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The fourth RCAH Parents College will be held from Friday, July 31, through Sunday, August 2, 2015.
Interested in attending? Contact Dawn Janetzke via email or phone at (517) 884-0383 by April 1, 2015. Enrollment will be limited to 20 participants.
The previous topics have been sacrifice, forgiveness, and charitable giving & humanitarian work. We discussed philosophical arguments, analyzed famous paintings, watched contemporary film, and put our heads together from virtually morning until night.
This year’s topic is fear. There is no shortage of literature that dramatizes fear and no shortage of scientific studies explaining its causes and effects. Our primary goal is to use some of these resources to prompt you to explore your own thoughts and experiences in discussions and in short fiction. By the end of the three-day Parents College each of you will have written a short story or two. We will do this in what writers call a workshop, a very specific kind of collaborative artistic practice that many of you already know well and I am sure you will enjoy.
Fear comes in many forms, and we won’t be able to consider all of them. There is fear in battle, described by Thomas Hobbes in 1651 in Leviathan as “fear of violent death.” There is fear of the other, that is, those who are different from us in some perceived way, whether it is political, religious, racial, or cultural. Rainer Fassbinder captures this frightfully well in his 1974 film Ali: Fear Eats the Soul. There is simply fear of the unknown or fear of the dark. There is that sinking feeling in your stomach which Freud likened to the fear that may come over us when we are swimming in the ocean and realize that it is a long way to the bottom. There is fear of heights, fear of enclosed spaces, fear of open spaces, fear of spiders, fear of technology, and many other fears we call phobias.
Some scholars study fear from a biomedical perspective, analyzing the body’s response to real and imagined dangers (Daniel Gardner, The Science of Fear, 2009). Other scholars approach fear from a cultural and political perspective: what triggers fear in one culture may be viewed as perfectly harmless in another (Joanna Bourke, Fear: A Cultural History, 2005), and sometimes fear can be manufactured and exploited for political advantage (Corey Robin, Fear: The History of a Political Idea, 2004).
When small fears multiply, they can become panic. When someone uses fear to coerce, we talk of terror and even torture. Franz Kafka’s The Trial (1914) is a classic in this genre. When fear seems generally to pervade our life without having a sharp edge or focus, we talk of anxiety. W. H. Auden’s The Age of Anxiety: A Baroque Eclogue (1947) is still the most famous and accomplished poetic meditation on fear as anxiety in English.
How we cope with these different forms of fear can tell us a lot about a person. For example, how we face our fears, even if we don’t overcome them, can help us understand bravery and cowardice (Chris Walsh, Cowardice: A Brief History, 2014).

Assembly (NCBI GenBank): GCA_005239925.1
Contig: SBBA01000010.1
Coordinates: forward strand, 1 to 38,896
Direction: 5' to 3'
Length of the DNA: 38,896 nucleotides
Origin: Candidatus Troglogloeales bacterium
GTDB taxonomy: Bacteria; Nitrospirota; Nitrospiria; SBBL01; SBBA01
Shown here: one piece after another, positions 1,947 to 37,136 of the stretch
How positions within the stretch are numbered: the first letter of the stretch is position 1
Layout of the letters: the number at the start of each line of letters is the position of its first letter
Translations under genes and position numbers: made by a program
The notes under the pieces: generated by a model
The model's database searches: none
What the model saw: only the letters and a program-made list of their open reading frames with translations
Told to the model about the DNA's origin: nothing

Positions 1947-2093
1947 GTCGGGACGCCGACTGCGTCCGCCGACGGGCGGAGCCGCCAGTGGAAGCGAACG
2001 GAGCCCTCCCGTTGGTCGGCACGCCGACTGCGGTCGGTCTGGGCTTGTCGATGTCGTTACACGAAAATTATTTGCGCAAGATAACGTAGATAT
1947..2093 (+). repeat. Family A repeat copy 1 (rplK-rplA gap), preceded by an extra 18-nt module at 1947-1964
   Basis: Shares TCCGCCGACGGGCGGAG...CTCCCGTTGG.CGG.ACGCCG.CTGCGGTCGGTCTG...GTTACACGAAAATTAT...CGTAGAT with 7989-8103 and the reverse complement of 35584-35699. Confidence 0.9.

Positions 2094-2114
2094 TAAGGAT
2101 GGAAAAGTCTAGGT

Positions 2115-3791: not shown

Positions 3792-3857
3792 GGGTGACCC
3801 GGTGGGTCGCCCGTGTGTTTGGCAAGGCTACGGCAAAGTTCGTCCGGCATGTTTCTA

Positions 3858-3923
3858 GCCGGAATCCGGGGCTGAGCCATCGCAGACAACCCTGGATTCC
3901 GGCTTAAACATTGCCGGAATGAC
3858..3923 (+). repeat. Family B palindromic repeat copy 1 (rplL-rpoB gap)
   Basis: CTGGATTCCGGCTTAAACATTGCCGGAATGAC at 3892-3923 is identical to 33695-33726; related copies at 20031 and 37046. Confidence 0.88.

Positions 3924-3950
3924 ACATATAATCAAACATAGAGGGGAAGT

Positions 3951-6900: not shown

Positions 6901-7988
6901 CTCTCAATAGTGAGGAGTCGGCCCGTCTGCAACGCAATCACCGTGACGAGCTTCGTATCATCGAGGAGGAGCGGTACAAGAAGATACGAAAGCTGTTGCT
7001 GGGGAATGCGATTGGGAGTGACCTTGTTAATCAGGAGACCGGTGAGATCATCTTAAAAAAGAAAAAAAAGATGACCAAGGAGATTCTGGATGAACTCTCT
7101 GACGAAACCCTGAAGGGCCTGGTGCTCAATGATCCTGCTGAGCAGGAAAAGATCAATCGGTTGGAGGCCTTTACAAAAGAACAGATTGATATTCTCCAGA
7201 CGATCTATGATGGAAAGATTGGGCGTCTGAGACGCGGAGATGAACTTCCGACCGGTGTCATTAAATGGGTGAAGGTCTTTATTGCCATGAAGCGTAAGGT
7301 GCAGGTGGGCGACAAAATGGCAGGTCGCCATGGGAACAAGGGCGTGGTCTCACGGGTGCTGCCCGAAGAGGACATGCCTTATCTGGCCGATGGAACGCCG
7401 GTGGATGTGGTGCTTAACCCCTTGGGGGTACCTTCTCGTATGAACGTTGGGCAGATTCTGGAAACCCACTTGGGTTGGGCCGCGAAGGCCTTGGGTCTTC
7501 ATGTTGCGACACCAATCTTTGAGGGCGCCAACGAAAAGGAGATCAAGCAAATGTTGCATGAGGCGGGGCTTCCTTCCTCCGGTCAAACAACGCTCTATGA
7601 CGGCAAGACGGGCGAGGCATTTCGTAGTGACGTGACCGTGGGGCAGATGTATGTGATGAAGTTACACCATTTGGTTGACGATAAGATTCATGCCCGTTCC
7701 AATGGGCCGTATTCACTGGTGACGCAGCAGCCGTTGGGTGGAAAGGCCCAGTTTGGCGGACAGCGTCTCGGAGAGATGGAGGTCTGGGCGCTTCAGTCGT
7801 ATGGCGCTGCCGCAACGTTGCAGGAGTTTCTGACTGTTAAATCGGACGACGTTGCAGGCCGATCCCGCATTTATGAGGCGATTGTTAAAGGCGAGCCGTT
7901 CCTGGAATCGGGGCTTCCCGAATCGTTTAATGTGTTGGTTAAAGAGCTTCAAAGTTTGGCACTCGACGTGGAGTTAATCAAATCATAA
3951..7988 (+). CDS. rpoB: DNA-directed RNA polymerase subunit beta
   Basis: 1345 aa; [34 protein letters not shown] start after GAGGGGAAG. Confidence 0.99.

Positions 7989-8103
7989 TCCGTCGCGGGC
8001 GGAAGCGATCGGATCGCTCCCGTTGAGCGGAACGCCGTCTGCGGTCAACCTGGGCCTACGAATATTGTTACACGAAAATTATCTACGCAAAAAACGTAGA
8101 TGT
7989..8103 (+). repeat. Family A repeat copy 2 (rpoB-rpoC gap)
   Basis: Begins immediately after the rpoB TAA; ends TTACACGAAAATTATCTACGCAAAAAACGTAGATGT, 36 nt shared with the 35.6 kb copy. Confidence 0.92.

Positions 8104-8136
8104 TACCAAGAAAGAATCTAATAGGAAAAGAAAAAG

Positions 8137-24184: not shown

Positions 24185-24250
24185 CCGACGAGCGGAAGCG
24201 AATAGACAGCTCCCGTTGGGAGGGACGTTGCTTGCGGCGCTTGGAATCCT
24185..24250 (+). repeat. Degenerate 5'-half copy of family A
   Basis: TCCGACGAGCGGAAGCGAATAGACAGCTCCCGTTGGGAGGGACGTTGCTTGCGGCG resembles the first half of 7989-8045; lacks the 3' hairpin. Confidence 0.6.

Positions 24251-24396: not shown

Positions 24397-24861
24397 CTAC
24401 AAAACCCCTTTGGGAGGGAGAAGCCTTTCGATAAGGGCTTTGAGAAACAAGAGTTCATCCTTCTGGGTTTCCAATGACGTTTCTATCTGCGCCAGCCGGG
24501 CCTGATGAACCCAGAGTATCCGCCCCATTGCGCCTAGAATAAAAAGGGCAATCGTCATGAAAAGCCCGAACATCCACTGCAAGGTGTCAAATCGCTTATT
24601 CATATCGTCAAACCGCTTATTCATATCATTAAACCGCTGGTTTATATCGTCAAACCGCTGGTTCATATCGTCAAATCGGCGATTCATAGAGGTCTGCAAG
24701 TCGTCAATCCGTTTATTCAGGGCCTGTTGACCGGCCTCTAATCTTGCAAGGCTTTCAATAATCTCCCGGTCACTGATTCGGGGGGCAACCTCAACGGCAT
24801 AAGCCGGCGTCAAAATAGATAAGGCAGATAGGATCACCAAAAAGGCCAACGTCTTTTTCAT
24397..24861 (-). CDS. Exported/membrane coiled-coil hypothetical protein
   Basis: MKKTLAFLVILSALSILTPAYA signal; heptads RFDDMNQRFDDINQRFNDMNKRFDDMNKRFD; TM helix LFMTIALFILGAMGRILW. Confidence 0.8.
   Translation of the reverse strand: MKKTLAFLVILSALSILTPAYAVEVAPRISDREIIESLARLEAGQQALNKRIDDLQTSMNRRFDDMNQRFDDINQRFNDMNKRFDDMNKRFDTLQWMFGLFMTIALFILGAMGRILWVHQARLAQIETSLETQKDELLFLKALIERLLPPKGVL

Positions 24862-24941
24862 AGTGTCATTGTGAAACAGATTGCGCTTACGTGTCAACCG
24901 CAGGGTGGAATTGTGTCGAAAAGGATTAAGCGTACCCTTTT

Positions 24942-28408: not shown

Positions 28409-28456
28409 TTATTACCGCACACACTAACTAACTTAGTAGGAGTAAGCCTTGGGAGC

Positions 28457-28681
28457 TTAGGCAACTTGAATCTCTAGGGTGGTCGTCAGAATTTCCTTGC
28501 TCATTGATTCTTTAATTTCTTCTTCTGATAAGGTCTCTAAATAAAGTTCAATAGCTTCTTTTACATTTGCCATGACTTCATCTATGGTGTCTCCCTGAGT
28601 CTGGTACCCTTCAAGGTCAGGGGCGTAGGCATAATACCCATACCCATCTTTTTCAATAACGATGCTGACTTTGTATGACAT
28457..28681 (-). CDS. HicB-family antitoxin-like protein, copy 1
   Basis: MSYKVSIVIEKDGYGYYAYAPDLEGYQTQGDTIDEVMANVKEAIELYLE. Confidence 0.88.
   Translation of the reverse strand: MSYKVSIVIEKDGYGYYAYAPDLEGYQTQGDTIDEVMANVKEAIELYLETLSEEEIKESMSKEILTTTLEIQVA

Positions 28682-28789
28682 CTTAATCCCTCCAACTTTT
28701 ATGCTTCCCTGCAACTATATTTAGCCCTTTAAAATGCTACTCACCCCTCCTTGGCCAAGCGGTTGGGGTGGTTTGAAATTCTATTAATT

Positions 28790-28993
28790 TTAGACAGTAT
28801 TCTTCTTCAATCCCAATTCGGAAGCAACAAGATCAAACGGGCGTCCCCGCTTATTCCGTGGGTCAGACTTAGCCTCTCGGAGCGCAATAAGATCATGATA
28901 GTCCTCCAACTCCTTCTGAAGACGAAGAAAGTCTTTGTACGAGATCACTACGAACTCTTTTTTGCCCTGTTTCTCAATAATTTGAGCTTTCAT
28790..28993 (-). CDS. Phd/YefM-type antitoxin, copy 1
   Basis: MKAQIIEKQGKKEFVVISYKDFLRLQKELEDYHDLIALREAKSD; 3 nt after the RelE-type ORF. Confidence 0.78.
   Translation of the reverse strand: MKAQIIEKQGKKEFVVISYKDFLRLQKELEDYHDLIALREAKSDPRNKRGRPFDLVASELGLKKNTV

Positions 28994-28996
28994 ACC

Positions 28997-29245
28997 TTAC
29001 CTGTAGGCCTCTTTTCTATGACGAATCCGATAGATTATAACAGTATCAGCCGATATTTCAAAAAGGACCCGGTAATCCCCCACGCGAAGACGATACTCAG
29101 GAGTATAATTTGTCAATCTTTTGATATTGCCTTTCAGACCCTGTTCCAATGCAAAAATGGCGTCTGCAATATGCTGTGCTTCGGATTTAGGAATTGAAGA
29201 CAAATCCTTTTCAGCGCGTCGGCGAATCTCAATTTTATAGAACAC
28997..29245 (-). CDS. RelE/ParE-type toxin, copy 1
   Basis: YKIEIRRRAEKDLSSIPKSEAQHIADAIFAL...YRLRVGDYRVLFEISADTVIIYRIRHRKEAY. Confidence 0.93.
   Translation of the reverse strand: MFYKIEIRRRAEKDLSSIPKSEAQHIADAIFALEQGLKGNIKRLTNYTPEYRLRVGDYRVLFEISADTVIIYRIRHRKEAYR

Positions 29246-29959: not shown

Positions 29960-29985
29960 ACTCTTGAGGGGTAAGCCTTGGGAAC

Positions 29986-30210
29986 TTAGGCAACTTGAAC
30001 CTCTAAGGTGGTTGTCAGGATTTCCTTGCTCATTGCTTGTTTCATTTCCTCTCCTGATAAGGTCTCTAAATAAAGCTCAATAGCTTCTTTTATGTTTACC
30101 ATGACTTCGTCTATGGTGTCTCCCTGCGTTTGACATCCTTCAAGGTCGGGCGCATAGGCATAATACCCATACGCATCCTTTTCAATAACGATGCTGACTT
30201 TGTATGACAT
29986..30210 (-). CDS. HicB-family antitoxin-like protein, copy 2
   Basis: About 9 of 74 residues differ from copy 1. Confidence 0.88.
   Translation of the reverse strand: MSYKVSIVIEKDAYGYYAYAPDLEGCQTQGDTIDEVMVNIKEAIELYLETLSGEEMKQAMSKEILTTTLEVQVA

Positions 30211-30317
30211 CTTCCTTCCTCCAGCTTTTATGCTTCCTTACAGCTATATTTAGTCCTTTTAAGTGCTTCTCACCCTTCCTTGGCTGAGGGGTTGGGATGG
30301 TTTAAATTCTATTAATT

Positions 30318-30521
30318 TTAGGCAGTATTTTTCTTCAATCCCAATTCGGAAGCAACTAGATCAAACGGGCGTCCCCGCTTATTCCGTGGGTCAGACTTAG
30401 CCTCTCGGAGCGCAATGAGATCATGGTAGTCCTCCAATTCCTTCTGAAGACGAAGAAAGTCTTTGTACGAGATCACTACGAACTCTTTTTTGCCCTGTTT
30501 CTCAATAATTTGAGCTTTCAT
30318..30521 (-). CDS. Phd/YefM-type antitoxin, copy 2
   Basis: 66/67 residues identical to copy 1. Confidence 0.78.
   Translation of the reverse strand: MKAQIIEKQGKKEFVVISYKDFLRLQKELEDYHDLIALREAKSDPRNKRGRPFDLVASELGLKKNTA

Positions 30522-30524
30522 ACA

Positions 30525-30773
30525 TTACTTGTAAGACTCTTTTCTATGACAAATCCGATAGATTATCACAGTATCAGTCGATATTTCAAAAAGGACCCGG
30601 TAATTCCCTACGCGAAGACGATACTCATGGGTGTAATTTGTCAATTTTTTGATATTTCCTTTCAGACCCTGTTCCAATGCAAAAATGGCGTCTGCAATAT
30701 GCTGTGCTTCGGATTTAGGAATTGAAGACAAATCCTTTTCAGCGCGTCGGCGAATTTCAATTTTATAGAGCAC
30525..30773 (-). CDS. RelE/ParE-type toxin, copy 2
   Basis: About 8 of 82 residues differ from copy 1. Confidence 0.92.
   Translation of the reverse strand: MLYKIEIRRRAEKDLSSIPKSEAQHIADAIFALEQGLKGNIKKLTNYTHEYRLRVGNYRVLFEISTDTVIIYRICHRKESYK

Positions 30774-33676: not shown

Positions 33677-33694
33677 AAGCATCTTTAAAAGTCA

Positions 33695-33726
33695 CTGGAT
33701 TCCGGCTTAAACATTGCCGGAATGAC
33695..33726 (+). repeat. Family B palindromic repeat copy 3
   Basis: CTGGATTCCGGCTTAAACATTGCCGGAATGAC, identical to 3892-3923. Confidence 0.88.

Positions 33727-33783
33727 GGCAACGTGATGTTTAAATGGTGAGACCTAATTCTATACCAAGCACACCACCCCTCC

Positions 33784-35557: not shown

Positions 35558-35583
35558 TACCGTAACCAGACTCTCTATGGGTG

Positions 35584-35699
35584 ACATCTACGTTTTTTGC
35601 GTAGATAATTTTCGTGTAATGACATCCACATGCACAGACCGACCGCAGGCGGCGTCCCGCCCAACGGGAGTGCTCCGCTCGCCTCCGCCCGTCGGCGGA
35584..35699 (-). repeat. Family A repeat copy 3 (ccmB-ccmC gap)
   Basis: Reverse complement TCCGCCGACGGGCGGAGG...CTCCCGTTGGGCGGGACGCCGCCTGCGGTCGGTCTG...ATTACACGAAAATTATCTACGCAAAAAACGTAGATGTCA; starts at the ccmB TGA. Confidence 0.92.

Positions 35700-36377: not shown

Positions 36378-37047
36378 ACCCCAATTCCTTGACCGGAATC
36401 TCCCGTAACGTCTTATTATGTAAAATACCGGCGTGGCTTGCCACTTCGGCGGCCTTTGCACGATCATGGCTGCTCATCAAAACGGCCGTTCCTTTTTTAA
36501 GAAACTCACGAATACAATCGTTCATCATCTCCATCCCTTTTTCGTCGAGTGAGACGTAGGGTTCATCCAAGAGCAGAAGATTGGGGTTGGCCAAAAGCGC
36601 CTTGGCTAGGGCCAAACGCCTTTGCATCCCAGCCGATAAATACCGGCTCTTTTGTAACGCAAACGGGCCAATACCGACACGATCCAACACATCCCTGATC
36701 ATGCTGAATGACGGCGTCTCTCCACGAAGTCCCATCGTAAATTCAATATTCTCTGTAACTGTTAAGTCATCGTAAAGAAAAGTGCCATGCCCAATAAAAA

I suspect that many of these examples resonate with all of you. Where should we begin? In battle, in the dark, in prison? One common fear that has emerged lately is fear of vaccinations. The recent outbreak of measles in the U.S. has been tied to the rising number of parents who have chosen not to vaccinate their children against this highly contagious disease because they fear the vaccine more than the disease. Fear of vaccines is the flipside of fear of the diseases they are supposed to protect us from. Albert Camus wrote about this in his novel The Plague (1947). Jose Saramago wrote about a different kind of epidemic, an epidemic of blindness, in his novel of that name published in English in 1999.
With all of these topics and texts to choose from, it has been hard to narrow things down. But narrow we must. I have chosen two texts that deal with fear. One by Eula Biss, On Immunity: An Innoculation (Graywolf Press, 2014), is a new book that focuses on the trend not to vaccinate children against infectious diseases like measles and other diseases. The other text is a collection of short stories by Mary Hood, How Far She Went (University of Georgia Press, 1984).
Between these two books and some selected articles, handouts, and film, I think you will have the necessary information and some very good models to compose your own fear-some short story. I have been talking with several folks who could come spend some time with us as we discuss this topic and workshop our stories. I’ll have more about our guests soon.
Our class meetings and writing workshops will be held in the RCAH classroom spaces. However, because of University building renovation and cleaning schedules this summer, participants will live and eat in Owen Hall just across the river on Bogue Street, a five-minute walk from Snyder-Phillips Hall. The housing and meal costs will be relatively inexpensive (approximately $35 per person for a single room, $25 per person for a double, and $75 per person for 3 meals a day over 3 days). There will be no tuition charged.